In Search Of Rupp Arena
"Freeing" venue from years of surrounding growth one aim of $241M project
- by Tim Newcomb
- Published: August 1, 2018
A project underway in Lexington, Ky., will better connect Rupp Arena to downtown and add more space to the attached convention facilities. (NBBJ)
The mixed-use legacy of Rupp Arena in downtown Lexington, Ky., will gain a modern twist as part of a $241-million project to modernize the home of the University of Kentucky men’s basketball while upgrading the Lexington Convention Center with a new structure connected to Rupp.
What originally opened in 1976 as Lexington Center with a Hyatt hotel, and convention space on the site has undergone expansions over the years. Various additions to the downtown location have muddied the building connections, interrupted public open space, drowned the arena and muffled the history inside the venue. A project designed by NBBJ broke ground in July to change that while creating a new versatile convention center option that merges with Rupp.
“This is a convention center-driven project, but with it, upgrades to the arena are a big part of what is making it come,” said Philip Schmunk, NBBJ senior associate. “One of the major themes is to free Rupp Arena. It has gotten buried, and a big driver is to give Rupp Arena a clear identity.”
The 23,500-seat venue lacks a front door. Really, it lacks an obvious presence in Lexington, blocked by other buildings. Schmunk said the project knocks down a retail center between the arena and hotel and allows a new grand entrance with breathing room around the arena for expansions to the concourses, premium spaces and façade.
Most people now enter Rupp from parking in back of the building on High Street, but a new atrium with 85-foot-high ceilings will wrap the venue and a new grand staircase — dubbed the Catwalk Steps —will offer a grand entry on Main Street facing the city. “It will,” Schmunk said, “have an address and presence it didn’t have before.”
Using metal-encased glass, the new skin around the building will clear views into the arena. Removing foundational walls on the sides of the building will open visibility directly into the bowl during an event to allow “people coming to a game to catch some energy and vibe on the inside.”
By keeping the added façade around Rupp at the lower concourse level, Schmunk said, the traditional square form of Rupp will rise above to maintain the legacy of the arena and “let that history still be visible in the new design.”
Bill Owen, president and CEO of Lexington Center, said that tearing away buildings around Rupp will expose Rupp and offer the opportunity to create a “more iconic and contemporary appearance.” It will also give them space inside to help with crowd movement.
Inside, the increased space allows for four new clubs in Rupp, three of them ready in 2019. Kentucky plans a high-end floor-level club that includes a glass partition to allow members to view players and coaches emerging onto the floor. Also for 2019, expect a pair of midrange clubs at level two. All three will have their own dedicated entries from the exterior. A large-scale club will be added beneath the Catwalk Steps, ready for 2021 when the entire project wraps up. Expect 50,000 square feet of new club space for between 4,000 and 5,000 members, plus an additional 21,000 square feet of new circulation and shared space. There will be no disruption to Kentucky’s home basketball schedule during construction.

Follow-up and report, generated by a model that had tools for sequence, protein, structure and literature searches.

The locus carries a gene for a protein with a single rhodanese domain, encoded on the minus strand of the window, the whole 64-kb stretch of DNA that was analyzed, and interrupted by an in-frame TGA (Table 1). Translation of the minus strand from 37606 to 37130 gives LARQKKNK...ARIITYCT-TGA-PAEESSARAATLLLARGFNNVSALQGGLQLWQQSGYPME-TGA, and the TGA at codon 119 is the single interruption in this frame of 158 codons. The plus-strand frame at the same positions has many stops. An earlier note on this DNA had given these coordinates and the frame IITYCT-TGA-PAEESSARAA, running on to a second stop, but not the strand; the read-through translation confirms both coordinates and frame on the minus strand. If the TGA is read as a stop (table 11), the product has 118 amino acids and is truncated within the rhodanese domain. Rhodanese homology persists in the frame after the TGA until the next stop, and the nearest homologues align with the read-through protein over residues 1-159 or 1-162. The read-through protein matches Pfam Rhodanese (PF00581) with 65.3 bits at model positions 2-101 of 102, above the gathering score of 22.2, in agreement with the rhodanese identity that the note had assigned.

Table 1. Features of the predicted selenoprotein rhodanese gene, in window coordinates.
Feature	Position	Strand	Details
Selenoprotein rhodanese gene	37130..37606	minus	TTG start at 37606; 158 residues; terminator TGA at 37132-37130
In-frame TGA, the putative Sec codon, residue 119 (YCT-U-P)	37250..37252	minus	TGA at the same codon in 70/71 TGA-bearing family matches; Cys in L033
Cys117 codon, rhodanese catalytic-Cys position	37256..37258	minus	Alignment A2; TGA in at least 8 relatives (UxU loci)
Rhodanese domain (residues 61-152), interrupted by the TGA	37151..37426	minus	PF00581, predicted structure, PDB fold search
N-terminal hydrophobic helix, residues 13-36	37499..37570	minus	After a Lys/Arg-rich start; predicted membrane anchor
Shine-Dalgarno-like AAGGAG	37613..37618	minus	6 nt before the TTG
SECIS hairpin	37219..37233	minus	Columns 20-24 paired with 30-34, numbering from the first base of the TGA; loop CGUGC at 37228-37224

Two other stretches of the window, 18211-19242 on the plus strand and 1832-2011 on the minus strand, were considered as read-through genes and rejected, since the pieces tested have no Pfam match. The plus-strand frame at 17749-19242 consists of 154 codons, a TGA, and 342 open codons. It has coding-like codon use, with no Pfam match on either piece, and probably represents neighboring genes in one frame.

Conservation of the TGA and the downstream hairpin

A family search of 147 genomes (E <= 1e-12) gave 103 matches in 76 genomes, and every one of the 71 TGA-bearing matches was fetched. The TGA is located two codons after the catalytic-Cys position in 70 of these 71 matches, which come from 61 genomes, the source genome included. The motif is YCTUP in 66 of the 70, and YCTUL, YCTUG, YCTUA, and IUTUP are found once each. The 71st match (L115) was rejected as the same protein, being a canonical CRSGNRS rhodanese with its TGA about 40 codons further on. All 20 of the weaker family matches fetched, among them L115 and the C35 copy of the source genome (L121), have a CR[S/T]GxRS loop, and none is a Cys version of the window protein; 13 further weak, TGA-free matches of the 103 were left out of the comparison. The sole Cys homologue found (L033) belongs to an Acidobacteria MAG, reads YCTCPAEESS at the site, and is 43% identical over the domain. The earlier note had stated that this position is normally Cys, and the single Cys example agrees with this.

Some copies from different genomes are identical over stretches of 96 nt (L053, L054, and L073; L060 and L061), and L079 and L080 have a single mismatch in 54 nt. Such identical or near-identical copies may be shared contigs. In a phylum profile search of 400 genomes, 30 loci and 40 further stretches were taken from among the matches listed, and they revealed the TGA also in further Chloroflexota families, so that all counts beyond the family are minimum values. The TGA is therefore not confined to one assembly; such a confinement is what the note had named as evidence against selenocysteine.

Also inside the arena, and ready for 2019, crews will eliminate the bench seating in the upper deck and replace it with 4,800 new chair back seats, reducing overall capacity by about 2,700 to roughly 20,800. The view from the upper deck will improve slightly because it will be made slightly steeper to accommodate the new chairs.
Circulation improves with the Catwalk Steps and a total of 43,000 square feet of expanded concourses. To tie to the Hyatt, a new 75-foot climate-controlled bridge directly connects from the Hyatt lobby to the new Rupp concourse.
The new convention center, which will replace exhibition halls surrounding the arena, creates an outdoor space for events between the two buildings. It also connects the two. Designed so that events can go on simultaneously in the arena and the convention center, organizers can open it up — a major corridor will connect the two buildings — to allow direct use of both spaces.
With everything from the state’s high school basketball Sweet 16 event to NCAA tournaments to religious events using Rupp, tying the new event hall to the arena “creates energy” for those events and eases access and use for the visitors, Owens said.
At 381,000 square feet, the new convention center becomes 40 percent larger than the space available now. That will attract new events, Owens said, a key component in sustaining Lexington as a convention destination.
“When the building was first constructed, it was always an arena, convention center and hotel, so it has this interesting mixed-use legacy for its time that was pretty bold,” Schmunk said. “In some sense, it is maintaining history because the original building was more prominent on the site. If anything, the project is about creating a greater presence liked it used to have.”
- by Tim Newcomb
- Published: August 1, 2018